Sir Thomas Brisbane Planetarium Australia Australia, Brisbane

Sir Thomas Brisbane Planetarium Tourist Map

Sir Thomas Brisbane Planetarium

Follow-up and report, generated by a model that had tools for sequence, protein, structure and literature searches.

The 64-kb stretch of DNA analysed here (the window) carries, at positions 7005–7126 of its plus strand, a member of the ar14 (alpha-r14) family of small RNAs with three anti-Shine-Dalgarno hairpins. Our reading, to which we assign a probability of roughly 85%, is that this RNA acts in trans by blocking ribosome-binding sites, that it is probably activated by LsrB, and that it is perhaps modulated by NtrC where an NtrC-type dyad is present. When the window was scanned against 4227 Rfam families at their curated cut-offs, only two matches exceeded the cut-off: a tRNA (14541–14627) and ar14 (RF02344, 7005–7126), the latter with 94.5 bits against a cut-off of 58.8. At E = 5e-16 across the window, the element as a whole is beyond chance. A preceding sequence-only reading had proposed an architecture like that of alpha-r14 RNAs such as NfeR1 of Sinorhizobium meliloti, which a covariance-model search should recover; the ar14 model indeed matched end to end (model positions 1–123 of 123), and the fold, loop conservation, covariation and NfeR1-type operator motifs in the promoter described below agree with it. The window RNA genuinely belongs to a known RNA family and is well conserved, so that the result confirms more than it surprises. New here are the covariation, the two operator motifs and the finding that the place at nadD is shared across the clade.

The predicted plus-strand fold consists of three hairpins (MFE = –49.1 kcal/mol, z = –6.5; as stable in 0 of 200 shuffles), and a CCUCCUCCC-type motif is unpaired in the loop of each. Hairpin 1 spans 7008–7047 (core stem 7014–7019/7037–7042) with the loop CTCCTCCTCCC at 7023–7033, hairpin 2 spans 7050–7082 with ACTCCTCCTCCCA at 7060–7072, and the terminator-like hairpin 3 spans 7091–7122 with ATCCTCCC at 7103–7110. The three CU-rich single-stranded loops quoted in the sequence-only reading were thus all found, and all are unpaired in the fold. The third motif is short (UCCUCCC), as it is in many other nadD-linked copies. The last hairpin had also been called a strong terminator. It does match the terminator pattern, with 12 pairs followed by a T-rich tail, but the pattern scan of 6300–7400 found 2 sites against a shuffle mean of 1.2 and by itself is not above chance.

The Sir Thomas Brisbane Planetarium is located on the grounds of the Brisbane Botanic Gardens in the suburb of Toowong, Brisbane, Queensland, Australia. The Planetarium was officially opened on 24 May 1978. The Planetarium is named after Sir Thomas Brisbane, governor of the colony of New South Wales (1821 - 1825) and well known Scottish astronomer who established the first significant observatory at Parramatta, Australia, in 1822 for mapping the southern skies. The Planetarium is located about 5 kilometres (3.1 mi) from the Central Business District, and is administered by the Brisbane City Council. The Planetarium features the 12.5m diameter Cosmic Skydome (hemispherical planetarium theatre) with a recently upgraded, state of the art Sky-Skan digital dome projection system, console and refurbished seats for a maximum concentric seating capacity of 133. An observatory contains a permanently mounted Zeiss 15cm refractor and a Meade 25.4cm "Go To" Schmidt-Cassegrain telescope. Extensive space exploration and astronomy displays in the Planetarium's Foyer and Gallery include the 1969 Moon landing with a replica of Neil Armstrong's space suit and numerous models of spacecraft and astronomical instruments. A mini-theatre usually features a regularly updated Space Telescope Science Institute web feed. The Planetarium runs more than 1,300 regular shows per year in the Cosmic Skydome for public and school groups, observing sessions in the observatory and occasional public field nights. The original Zeiss star projector was removed from the Cosmic Skydome during the upgrade in 2010 and was placed on display in the foyer in early 2012. A replacement optical star projector by Ohira Tech was installed in the Cosmic Skydome in early 2013. Access to the display areas and mini theatre are free. Admission charges apply for the Cosmic Skydome and the observatory. The Planetarium is closed on Mondays and is usually closed for up to two weeks for servicing work following the December/January school holidays. Outside exhibits adjacent to the Planetarium include a statue of Konstantin Tsiolkovsky, the Father of Cosmonautics and a large sundial in the Sundial Court.